Both the New Mexico School for the Arts and the city of Santa Fe have given up on trying to acquire the abandoned St. Catherine Indian School campus as a future home for the state charter school.
“The [arts] school has decided to proceed in another direction to fulfill its facility needs,” David Ater, a board member and chairman of the campus planning committee, said in an email Thursday.
“The St. Catherine School did not prove to be a viable option under the circumstances … ,” he added. “We are looking at several other possibilities but all of those discussions and prospects are confidential at the moment.”
Mayor David Coss, who was working with the arts school to try to purchase the 18-acre property and its 19 buildings for $1.9 million, confirmed Thursday morning that all negotiations were off.
“We shelved it,” he said of the city’s efforts. “The school for the arts informed the city that it is not able to pursue the property anymore as it is taking too long and it needs to move quicker than (property owner) Max Tafoya and company are able or willing to move on it. We don’t have a partner in restoration efforts for the property now, so we dropped it.”
The City Council was slated to discuss the issue — including the possibility of funding an appraisal of the St. Catherine property — during Wednesday’s council meeting, but struck that discussion from the agenda, Coss said.
The arts school, which opened in August 2010 in the former St. Francis Cathedral School building on the corner of East Alameda Street and Paseo de Peralta, announced last September that it was working with the city on a public/private partnership involving the the former Indian school. That plan hinged on the city purchasing the land and buildings from Tafoya, who brought the property in 2005. The arts school hoped to secure a long-term lease for the property from the city, with the school taking responsibility for upgrading, renovating and maintaining it.
The school has a four-year lease at its current site, which can comfortably accommodate about 200 students, though it has no room for its dance department. Dance students commute to the National Dance Institute of New Mexico’s Dance Barns on Alto Street for classes.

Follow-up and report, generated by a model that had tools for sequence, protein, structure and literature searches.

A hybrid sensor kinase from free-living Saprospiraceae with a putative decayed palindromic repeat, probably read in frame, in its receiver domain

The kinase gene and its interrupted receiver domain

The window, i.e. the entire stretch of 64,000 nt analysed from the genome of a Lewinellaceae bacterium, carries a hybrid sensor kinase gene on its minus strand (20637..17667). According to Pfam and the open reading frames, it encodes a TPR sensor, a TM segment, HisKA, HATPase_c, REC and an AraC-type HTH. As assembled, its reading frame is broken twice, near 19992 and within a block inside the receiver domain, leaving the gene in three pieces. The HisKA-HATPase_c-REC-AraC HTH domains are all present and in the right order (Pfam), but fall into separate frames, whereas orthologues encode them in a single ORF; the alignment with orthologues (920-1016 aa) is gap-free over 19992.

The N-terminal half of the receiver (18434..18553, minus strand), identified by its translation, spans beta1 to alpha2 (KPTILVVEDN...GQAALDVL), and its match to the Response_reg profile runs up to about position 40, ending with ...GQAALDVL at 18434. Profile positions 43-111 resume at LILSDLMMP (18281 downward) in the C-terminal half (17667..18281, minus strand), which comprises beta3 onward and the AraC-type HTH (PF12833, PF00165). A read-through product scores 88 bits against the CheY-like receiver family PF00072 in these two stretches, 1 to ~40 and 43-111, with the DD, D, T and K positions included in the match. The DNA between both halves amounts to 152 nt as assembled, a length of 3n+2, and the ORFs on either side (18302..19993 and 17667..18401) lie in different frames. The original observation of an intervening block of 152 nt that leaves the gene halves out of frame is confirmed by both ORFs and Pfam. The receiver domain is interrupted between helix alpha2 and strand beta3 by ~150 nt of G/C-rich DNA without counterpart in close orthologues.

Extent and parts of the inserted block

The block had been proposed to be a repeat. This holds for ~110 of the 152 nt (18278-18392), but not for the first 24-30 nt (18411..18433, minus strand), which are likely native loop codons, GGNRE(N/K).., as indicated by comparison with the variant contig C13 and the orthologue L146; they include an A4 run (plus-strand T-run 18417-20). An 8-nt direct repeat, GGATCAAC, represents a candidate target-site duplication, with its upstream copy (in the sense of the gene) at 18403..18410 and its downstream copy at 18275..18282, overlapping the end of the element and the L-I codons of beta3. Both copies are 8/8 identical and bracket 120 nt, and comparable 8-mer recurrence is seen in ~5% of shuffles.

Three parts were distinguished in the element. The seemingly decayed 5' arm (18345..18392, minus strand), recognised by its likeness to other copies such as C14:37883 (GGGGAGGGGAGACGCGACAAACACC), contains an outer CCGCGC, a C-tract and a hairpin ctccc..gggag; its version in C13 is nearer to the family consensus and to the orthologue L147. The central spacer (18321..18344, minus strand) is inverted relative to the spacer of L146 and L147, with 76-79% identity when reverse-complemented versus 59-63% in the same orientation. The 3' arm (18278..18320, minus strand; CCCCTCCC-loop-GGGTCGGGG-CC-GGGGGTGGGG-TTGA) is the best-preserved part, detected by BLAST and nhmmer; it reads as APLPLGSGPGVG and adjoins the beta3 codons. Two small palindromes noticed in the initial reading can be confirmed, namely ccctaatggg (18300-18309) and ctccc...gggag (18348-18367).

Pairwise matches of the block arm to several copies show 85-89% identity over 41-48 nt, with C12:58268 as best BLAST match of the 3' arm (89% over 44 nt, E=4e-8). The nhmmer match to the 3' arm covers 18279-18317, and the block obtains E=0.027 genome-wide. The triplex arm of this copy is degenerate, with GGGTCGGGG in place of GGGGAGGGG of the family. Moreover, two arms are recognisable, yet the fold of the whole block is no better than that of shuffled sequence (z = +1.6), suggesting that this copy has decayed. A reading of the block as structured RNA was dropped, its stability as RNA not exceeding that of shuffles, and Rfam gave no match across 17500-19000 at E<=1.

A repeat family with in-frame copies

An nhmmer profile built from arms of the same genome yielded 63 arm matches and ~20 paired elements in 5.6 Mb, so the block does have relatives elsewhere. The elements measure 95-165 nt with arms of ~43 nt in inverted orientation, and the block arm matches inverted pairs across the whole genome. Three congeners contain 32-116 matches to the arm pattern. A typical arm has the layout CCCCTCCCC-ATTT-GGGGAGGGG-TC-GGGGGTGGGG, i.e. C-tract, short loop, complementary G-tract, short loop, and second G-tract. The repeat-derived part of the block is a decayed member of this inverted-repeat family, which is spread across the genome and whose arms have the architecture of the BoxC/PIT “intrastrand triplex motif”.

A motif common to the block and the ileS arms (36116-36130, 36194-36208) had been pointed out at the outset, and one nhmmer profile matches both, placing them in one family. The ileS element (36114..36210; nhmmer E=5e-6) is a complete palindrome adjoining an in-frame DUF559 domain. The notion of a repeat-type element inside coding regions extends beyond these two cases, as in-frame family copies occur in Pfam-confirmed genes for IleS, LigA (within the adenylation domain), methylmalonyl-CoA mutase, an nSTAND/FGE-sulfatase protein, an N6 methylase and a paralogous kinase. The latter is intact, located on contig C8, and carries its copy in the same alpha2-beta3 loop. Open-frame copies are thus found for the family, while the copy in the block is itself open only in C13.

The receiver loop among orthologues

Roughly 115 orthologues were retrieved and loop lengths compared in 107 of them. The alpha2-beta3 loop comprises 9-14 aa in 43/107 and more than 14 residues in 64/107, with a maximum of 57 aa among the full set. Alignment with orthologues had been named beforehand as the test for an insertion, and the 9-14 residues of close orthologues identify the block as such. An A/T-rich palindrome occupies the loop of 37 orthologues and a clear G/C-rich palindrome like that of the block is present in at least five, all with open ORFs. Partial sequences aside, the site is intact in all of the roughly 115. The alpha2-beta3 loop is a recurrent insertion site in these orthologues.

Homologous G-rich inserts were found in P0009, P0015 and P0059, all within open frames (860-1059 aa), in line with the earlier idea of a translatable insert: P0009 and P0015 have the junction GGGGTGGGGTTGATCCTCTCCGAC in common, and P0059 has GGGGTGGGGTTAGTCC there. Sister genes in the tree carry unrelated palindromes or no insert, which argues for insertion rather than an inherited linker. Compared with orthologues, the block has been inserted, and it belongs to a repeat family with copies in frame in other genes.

Complicating matters is the fact that earlier this year a federal grand jury issued an indictment against Tafoya and his son-in-law, Tyler Cole, charging them with attempting to defraud the government in falsely obtaining about $11 million in federal contracts that allowed Tafoya’s M.R. Tafoya Construction Inc. to obtain contracts with the Department of Veterans Affairs for work at national cemeteries in 2009 and 2012.
St. Catherine Indian School was founded in 1887 by Philadelphia philanthropist Katharine Drexel’s Sisters of the Blessed Sacrament. It closed in 1998. The Santa Fe City Council and the state’s Historic Preservation Office designated most of the campus buildings as cultural landmarks in 2006.
Last year, Tafoya petitioned the City Council for permission to demolish some of the buildings, but his efforts were thwarted by the city’s Historic Districts Review Board. This past spring he filed a lawsuit against the city of Santa Fe in federal court, arguing that the city has purposefully blocked every effort he has made to develop his property.
John Polk, Tafoya’s lawyer in the case, said Thursday afternoon that the lawsuit was remanded to state court this week.
According to Polk, several appraisers have estimated the value of the property, if the buildings are razed, at $7 million to $9 million. He added that the buildings are “beyond the point of no return because the city has made it impossible to renovate it in any way.” He said he is asking for $5 million to $7 million in damages from the city.
“I doubt the city will show up with a check in hand for that amount,” he said. “This may end up in protracted litigation.”
Coss said the New Mexico School for the Arts has not asked the city’s help in obtaining another property, but he said it is to the city’s benefit to “find a location for that school soon. I don’t know where they might end up now.”
He said the city will not even pursue the idea of appraising the St. Catherine property at this point.
Contact Robert Nott at 986-3021 or firstname.lastname@example.org